I find this same thing is happening with columnist and journalism.  Poor articles just get overlooked or debunked in comments.  The threshhold for well researched facts is higher as the audience is double-checking you every step of the way.  What happened with Aristotle is happenign today with every sports, politcal, and news writer in the world.

During the wrenching transition to print, experiments were only revealed in retrospect to be turning points. Aldus Manutius, the Venetian printer and publisher, invented the smaller octavo volume along with italic type. What seemed like a minor change — take a book and shrink it — was in retrospect a key innovation in the democratization of the printed word. As books became cheaper, more portable, and therefore more desirable, they expanded the market for all publishers, heightening the value of literacy still further.

Sound familiar to anyone? Can you say BLOG or TWITTER – such a simple concept.  Take publishing an article on a web page and shrink it to a blog or 140 characters.  What seems like a minor change has some profound responses.

That is what real revolutions are like. The old stuff gets broken faster than the new stuff is put in its place. The importance of any given experiment isn’t apparent at the moment it appears; big changes stall, small changes spread. Even the revolutionaries can’t predict what will happen.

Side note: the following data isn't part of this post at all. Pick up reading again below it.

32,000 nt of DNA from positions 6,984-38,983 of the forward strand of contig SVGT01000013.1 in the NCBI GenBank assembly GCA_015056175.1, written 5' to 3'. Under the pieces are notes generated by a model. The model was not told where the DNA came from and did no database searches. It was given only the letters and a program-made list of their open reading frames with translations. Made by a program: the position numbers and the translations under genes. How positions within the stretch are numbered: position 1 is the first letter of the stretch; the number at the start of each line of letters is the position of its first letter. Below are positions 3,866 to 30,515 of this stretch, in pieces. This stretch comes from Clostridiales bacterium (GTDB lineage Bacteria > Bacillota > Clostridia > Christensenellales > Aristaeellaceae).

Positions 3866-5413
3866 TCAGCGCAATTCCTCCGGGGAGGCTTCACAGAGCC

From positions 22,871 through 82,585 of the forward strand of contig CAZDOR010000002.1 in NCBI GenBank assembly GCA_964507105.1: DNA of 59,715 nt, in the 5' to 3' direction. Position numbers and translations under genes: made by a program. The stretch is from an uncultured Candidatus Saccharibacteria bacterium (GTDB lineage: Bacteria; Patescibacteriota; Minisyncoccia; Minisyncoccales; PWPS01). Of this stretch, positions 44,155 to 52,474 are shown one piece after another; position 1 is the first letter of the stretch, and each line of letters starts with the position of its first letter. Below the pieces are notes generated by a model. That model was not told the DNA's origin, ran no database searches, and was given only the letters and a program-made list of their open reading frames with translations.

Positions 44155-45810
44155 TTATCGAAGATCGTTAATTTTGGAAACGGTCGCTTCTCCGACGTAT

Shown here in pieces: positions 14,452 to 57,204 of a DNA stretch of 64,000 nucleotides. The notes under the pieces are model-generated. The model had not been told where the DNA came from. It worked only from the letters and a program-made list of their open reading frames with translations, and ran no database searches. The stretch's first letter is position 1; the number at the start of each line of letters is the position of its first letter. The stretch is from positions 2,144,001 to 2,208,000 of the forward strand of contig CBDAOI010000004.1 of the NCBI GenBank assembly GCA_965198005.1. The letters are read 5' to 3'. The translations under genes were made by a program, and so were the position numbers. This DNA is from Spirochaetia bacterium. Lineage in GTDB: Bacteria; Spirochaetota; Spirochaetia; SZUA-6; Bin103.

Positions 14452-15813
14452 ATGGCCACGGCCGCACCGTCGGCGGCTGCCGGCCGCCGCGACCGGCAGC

Old stuff is indeed getting broken. Newspapers are gone or going fast.  Magazines are next.  Paper is being replaced by netbooks, iPhones and Kindles.  These devices are embracing different technologies and shorter-form content.  This is the real revolution that’s happening in front our face.  That Time Magazine you have in your mailbox will be a story you tell your grandkids about, “hey kids, get this, i used to walk to the mailbox and pick up a ‘magazine’ that had stories in it written down, printed once a week and sent to me.” and they will look at you the same way i look at my grandparents when they talk about a world with radio programs only and no TV.   Our new world has more content, better content, that is more easily shared and discussed – and it’s a beautiful thing.

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Portfolio’s Failure


I’ve heard a lot of talk about the decline of print media these days. There were great speeches by Clay Shirky and Steven Johnson at SXSW.  Recently there was news of Conde Nast’s Portfolio magazine shutting down after plowing through $100 million in two years.  Some people have used this as an indication of the flawed model of print, but reading this story from an ex-employee i think it’s more an issue of mismanagement and lack of execution.